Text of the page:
Module 2: Early Medical Abortion
1. Learning objectives and module overview
What is an Early Medical Abortion (EMA)?
An EMA is the evacuation of the uterus using the medicines mifepristone (an anti-progesterone) and misoprostol
(a prostaglandin) in early pregnancy. EMA usually occurs in the community, most often in the pregnant person’s home
An EMA can be carried out from 28 days to 70 days after the last menstrual period (LMP).
Some possible reasons for choosing a medical instead of a surgical abortion
- It usually requires no surgery
- It requires no sedation or anaesthesia
- It has the potential for greater privacy
- Some people feel it gives them greater control over their bodies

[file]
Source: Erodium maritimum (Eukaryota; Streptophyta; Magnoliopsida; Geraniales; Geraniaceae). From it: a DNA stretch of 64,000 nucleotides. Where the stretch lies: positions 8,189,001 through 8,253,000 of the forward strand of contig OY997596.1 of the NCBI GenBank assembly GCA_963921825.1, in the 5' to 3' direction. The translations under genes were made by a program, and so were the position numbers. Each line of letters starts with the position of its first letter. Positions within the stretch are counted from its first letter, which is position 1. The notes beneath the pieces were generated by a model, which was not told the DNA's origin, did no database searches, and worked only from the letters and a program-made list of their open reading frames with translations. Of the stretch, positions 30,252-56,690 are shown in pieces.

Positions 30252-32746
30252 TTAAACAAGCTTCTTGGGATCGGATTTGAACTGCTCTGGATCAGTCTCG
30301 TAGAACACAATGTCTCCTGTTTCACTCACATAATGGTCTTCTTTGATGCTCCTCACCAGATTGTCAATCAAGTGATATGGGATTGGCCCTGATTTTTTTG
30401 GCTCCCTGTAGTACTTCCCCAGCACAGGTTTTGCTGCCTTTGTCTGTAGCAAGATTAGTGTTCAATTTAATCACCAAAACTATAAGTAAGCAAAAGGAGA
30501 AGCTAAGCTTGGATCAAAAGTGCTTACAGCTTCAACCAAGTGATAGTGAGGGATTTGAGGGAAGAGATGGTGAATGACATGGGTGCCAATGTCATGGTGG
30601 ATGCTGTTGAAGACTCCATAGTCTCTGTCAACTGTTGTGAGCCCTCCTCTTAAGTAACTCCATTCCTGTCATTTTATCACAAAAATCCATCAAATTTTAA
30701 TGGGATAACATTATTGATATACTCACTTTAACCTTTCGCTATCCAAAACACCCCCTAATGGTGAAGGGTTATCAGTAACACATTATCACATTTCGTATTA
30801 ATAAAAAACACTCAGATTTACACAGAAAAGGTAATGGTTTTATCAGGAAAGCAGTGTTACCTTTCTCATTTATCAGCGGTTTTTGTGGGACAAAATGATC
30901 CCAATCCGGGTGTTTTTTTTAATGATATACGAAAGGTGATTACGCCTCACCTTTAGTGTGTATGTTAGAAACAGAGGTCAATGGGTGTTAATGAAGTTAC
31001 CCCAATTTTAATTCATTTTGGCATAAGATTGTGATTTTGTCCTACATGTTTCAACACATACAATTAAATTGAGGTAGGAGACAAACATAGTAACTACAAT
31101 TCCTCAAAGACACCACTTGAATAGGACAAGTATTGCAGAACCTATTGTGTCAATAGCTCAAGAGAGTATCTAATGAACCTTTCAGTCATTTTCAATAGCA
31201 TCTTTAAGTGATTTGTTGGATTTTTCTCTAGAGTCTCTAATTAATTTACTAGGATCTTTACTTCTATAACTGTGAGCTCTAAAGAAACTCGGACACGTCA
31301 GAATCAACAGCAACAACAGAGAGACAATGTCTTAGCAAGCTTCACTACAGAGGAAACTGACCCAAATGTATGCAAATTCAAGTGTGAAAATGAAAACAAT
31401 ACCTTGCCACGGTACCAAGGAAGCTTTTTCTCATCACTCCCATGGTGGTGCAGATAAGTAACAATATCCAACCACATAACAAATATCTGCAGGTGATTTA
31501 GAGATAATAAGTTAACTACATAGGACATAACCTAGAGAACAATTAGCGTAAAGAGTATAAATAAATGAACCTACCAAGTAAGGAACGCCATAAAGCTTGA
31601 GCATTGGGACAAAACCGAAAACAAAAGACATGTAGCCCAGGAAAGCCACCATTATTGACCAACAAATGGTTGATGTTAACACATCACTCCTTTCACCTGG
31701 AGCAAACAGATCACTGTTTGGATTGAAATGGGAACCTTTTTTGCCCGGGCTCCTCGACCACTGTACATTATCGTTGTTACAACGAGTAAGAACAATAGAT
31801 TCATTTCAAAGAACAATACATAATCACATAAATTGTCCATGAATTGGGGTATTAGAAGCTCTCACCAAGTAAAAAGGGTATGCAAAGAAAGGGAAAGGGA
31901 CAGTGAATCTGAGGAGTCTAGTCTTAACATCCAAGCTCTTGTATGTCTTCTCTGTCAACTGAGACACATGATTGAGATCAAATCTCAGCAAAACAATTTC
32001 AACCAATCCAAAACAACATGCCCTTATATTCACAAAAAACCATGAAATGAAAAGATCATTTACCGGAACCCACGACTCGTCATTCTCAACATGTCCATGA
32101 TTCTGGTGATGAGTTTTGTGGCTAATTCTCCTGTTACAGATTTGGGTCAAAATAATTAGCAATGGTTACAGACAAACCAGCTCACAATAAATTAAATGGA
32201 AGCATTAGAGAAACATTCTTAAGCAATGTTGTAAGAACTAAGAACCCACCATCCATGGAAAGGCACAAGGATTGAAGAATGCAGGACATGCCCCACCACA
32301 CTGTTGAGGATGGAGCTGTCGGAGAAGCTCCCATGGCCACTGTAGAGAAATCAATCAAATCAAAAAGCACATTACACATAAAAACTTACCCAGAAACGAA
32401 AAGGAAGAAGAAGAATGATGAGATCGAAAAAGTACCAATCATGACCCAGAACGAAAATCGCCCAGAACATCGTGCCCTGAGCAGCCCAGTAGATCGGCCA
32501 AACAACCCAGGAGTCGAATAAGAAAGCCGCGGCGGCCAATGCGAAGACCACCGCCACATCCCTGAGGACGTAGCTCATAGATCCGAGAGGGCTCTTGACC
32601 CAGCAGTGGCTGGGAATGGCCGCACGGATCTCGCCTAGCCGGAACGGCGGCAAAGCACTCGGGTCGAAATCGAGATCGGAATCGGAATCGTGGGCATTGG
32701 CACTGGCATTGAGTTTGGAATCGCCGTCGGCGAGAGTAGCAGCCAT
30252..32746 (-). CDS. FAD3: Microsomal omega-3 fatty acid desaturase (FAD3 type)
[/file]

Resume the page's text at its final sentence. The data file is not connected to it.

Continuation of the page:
- It may feel more “natural” for some people
Module overview and learning objectives
In this module you will learn about supporting patients through the EMA process. The first section describes the
medicines used, and is followed by details of the process, including the pre-abortion assessment (also covered
in Module 1 but present here with a focus on EMA), doses used and pain management recommendations.
The next sections describe aftercare and management of complications, and the final section summarises
information to be communicated to the patient to ensure that they are fully informed about what to expect
during the EMA and afterwards.
A review of key learning points and further reading options and resources are included with this module, along
with a short quiz to revise your knowledge and understanding of providing EMA in New Zealand.
- Support patients through the EMA process
- Describe the range of what to expect during EMA with the patient
- Assess for completion of EMA
- Assess and manage common complications of EMA